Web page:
Tooth Caries: Causes, Symptoms, Treatment, Pathophysiology, Classification, Prevention
What are Tooth Caries?
Tooth caries, also known as tooth decay, dental caries, dental cavities, or just simply caries is a condition where there is breakdown of teeth due to bacterial activities resulting in formation of cavities. The cavities can be of different colors which can range from yellow to black. Symptoms of tooth caries consist of pain in the affected tooth and difficulty eating. If the tooth caries is not treated, then patient can have complications, such as inflammation of the tissue surrounding the tooth, loss of tooth, abscess formation and infection.
The cause of tooth caries is breakdown of enamel, dentin and cementum, which are the hard tissues of the teeth, by the bacteria. This breakdown occurs because of formation of acid made from the sugar or food debris present on the surface of the tooth or trapped in the teeth. The simple sugars present in our food become the primary source of energy for these bacteria. Therefore a diet which is high in simple sugar poses as a very big risk factor for tooth caries. If the breakdown of mineral is more than the build up from saliva, then it results in caries. So, risk factors of caries include conditions which cause decreased production of saliva such as: Sjogren's syndrome, diabetes mellitus and certain medications, such as antidepressants and antihistamines. Caries is also seen in people who live in underdeveloped countries or poverty from improper cleaning of the mouth, and receding gums which exposes the roots of the teeth.
Prevention of tooth caries includes: proper and regular cleaning of the teeth by brushing them twice a day, daily flossing, low sugar diet and small amounts of fluoride. Sources of fluoride include salt, water or toothpaste. Regular dental checkups and screening can lead to earlier detection of tooth caries.
Treatment depends on the extent of destruction by the caries and includes restoration of the tooth by different types of fillings to removal of the tooth. As of now, there is no known method to restore or re-grow the natural enamel or tooth. Developing countries do not have proper availability of treatment for tooth caries. For pain or toothache form dental caries medicines such as paracetamol or ibuprofen can be taken.
Pathophysiology of Tooth Caries
The saliva coats our teeth, which also have a layer of bacteria on them known as biofilm. There is continuous formation of this biofilm. The minerals that are present in the hard tissues of the teeth, such as dentin, enamel, and cementum are under the constant processes of demineralization and remineralisation. Tooth caries occur when the rate of demineralization is faster than the rate of remineralisation resulting in net mineral loss. The cause of this is an ecologic shift in the biofilm of the teeth, which changes from a balanced population of bacteria to a population which produces acids and has the ability to survive in an acid environment. After there is loss of minerals from the enamel, there is progression of dental caries. There is development of multiple distinct areas on the enamel that can be seen under a microscope. The identified zones on the enamel are:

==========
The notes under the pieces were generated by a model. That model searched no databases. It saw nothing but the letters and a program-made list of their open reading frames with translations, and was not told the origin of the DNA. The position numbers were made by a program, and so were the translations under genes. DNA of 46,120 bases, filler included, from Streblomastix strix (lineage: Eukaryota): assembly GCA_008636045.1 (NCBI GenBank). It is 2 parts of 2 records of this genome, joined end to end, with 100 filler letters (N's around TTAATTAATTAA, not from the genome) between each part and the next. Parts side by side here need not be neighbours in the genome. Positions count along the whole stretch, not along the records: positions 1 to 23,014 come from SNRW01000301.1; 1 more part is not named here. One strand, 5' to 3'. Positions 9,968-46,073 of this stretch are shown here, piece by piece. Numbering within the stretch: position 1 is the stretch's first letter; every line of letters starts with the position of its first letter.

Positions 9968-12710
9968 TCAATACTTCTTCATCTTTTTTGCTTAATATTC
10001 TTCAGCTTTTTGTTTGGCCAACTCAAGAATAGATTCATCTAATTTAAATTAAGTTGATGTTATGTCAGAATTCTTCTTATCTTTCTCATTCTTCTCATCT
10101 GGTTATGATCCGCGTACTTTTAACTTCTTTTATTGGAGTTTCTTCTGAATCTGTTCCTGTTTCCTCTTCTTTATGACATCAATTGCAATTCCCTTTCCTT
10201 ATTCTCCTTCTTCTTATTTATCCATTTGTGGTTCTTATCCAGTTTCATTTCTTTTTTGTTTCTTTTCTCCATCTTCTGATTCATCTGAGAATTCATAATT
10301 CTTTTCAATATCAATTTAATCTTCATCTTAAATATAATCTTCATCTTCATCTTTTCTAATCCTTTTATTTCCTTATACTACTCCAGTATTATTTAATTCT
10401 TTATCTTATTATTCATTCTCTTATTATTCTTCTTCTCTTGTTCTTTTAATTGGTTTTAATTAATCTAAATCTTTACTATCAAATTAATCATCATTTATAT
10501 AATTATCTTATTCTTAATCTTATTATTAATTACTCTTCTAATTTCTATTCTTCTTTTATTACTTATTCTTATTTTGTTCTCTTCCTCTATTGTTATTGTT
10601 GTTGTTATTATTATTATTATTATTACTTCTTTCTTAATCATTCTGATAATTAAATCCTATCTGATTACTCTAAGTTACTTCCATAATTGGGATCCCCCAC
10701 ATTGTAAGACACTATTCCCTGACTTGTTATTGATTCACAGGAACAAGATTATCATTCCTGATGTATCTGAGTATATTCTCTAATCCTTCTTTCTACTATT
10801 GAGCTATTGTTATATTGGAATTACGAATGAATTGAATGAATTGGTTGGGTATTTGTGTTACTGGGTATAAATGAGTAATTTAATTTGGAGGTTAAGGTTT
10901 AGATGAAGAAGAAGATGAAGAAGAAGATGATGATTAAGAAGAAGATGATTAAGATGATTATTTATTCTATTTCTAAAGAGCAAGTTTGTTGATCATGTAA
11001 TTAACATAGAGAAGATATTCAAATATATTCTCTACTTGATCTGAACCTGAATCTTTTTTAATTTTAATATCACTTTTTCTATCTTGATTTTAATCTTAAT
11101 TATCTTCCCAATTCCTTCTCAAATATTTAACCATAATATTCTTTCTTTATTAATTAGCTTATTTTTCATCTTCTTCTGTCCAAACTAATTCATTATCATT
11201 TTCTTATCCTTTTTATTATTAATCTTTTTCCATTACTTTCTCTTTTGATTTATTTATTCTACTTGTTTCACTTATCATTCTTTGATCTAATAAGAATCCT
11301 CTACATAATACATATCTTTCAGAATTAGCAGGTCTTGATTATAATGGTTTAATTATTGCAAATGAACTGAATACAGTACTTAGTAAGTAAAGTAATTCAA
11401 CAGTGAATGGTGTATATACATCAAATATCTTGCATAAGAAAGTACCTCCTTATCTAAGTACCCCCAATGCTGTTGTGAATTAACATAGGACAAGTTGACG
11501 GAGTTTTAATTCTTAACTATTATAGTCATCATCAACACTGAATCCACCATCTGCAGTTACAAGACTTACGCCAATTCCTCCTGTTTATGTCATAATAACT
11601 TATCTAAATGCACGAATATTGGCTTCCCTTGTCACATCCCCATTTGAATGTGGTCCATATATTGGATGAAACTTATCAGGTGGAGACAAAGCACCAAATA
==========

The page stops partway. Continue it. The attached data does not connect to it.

The translucent zone is the first indication of caries.
Dark Zone: There is slight re-mineralization of enamel in the dark zone.
Body of the lesion: The zone of the body of the lesion is the greatest part of decay and demineralization.
Surface Zone: The surface zone is fairly mineralized and is present till there is cavitation from the loss of tooth structure.
Classification of Tooth Caries
Tooth caries or dental caries are classified according to etiology, location, rate of the hard tissues which are affected and progression of caries. Given below is the G.V. Black classification of tooth caries:
Class I: In this stage, the caries affect the occlusal surfaces of the posterior teeth, lingual or buccal pits on molars or lingual pit near cingulum of maxillary incisors
Class II: The proximal surfaces of the posterior teeth are involved.
Class III: The interproximal surfaces of anterior teeth are involved, but the incisal edge of the teeth is not affected.
Class IV: In this class, there is involvement of the incisal edge along with the interproximal surfaces of anterior teeth.
Class V: There is involvement of the cervical third of lingual or facial surface of tooth.
Class VI: There is wearing away of the occlusal or incisal edge from attrition.
Causes of Tooth Caries